—SA
Sergey Alexandrovich Kryukov at 7-Mar-13 15:34pm
   
Nevertheless, it looks like writing executable code directly to memory is in principle possible, at least I understand why is it so.
I'll try to answer later; this is a difficult topic...
 
LoadLibraryEx of course does really not count; it only writes the executable memory, but not directly from memory (and the use of temporary files if just the excuse :-)... If you really want from memory to memory, and then execute loaded code (right?), that's not it...
 
—SA
Michael Haephrati at 7-Mar-13 13:42pm
   
Executables don't have to use any DLL. Linking to static libraries doesn't create huge executbles. I personally create a single executable (and a single file) applications. Such applications are more portable. Most of them don't require installation. You just double click and run. If there is a need to use DLLs, it has nothing to do with my question. There is no problem embedding a DLL as a resource and extracting it during runtime.
I see no point having this discussion about using or not using DLLs because it has nothing to do with my question. Assume there is an "hello world" stand alone executable you wish to run from memory.
Sergey Alexandrovich Kryukov at 7-Mar-13 15:12pm
   
In practice, all EXEs use some DLLs. Do you count OS API DLLs? Can you imaging the process not using any? No output at all, not on screen, not to files/network... There is nothing you can do without DLLs. (And not all are called *.DLL, but the way, this is only a naming convention.)
—SA
Michael Haephrati at 7-Mar-13 15:55pm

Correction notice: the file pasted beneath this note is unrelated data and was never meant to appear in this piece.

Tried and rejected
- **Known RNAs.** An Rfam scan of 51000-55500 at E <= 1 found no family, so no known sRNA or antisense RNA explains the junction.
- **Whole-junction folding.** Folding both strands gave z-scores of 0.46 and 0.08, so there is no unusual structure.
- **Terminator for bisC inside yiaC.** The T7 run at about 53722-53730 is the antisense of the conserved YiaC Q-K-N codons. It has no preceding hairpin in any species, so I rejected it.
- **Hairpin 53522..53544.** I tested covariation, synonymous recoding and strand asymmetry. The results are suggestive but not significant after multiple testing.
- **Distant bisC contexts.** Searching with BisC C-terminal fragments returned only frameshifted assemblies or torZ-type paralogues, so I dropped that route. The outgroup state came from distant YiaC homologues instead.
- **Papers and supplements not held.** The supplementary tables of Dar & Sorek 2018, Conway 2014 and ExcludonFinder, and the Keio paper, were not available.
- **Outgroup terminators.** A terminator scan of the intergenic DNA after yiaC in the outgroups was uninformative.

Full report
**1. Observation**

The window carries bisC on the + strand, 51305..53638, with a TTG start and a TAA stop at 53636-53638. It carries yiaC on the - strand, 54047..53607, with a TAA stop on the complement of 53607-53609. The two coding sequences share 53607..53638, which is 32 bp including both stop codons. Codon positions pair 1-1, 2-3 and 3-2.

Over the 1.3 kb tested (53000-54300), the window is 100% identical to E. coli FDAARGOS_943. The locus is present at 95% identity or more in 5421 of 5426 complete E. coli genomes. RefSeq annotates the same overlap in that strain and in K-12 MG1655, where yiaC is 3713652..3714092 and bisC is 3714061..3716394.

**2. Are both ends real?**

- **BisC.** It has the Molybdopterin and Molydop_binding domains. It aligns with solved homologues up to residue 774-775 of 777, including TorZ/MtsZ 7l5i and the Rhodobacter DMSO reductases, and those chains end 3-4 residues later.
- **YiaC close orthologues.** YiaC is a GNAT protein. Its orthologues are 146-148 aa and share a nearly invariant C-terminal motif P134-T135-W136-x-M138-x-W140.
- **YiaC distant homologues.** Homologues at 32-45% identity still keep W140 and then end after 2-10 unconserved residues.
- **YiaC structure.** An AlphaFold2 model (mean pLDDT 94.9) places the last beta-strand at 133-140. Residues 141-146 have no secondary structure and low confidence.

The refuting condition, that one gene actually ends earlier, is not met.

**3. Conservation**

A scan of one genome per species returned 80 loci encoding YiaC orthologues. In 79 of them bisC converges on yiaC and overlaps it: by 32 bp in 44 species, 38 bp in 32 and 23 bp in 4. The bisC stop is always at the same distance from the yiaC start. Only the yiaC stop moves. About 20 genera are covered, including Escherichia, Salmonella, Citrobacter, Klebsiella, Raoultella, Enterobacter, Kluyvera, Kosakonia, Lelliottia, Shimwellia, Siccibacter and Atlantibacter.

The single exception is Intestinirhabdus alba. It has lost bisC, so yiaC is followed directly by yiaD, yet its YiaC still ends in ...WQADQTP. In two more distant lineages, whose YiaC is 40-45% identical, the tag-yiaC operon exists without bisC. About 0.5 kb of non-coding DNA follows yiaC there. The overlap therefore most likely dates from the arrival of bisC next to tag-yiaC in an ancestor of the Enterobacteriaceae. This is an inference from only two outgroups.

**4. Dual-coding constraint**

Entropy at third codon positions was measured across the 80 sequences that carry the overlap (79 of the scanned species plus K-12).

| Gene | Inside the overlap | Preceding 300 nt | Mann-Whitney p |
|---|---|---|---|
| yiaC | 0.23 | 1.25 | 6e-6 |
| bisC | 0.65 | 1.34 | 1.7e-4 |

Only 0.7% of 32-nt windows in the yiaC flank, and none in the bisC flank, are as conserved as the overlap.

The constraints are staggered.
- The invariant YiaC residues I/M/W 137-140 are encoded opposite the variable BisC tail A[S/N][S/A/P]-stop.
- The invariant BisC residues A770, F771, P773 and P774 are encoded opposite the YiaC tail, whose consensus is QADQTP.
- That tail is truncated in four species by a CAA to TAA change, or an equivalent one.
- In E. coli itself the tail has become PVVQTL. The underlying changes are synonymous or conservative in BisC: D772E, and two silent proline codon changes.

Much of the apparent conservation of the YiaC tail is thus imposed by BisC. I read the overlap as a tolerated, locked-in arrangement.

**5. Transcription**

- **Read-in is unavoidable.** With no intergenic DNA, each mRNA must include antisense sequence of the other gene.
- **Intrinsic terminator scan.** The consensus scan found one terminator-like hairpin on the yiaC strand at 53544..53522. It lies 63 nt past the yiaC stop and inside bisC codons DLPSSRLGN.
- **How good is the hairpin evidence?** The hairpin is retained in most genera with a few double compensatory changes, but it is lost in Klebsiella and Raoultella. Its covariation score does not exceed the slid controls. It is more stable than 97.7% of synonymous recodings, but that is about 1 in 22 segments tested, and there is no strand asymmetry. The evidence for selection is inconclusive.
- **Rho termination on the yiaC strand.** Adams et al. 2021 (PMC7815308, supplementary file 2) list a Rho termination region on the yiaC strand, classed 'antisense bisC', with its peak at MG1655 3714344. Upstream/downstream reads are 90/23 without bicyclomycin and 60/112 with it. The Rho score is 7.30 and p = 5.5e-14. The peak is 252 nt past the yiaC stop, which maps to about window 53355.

Sergey, you are right that all EXEs use DLLs, but these are Windows DLLs which are part of the OS and you can rely on their existence. However, an EXE can base on a single file (itself) and not necessary require other files to be included, in order to make it run. It depends on the type of the application. If you use MFC, for example, you can chose between requiring the MFC DLL (which some user might not have already), or statically link to MFC, which will increase the size of the executable, but will not create a 'huge" executable (it's a matter of a few hundred KB). Applications that don't use MFC, but use Win32 API directly, (including ATL and WTL) don't have to include any DLL in the package given to the end user. So a single executable can be downloaded and double clicked. If you check my own articles, most of them contain source code of such applications that don't require any additional DLLs. As I have written before, in this discussion, additional files which are included in a software, can be kept in internal resources, and extracted during runtime. These include data files, DLLs, and even drivers.
Sergey Alexandrovich Kryukov at 7-Mar-13 16:11pm
   
Of course. Still, the difference is quite subtle. And it's possible to use EXE code a the library...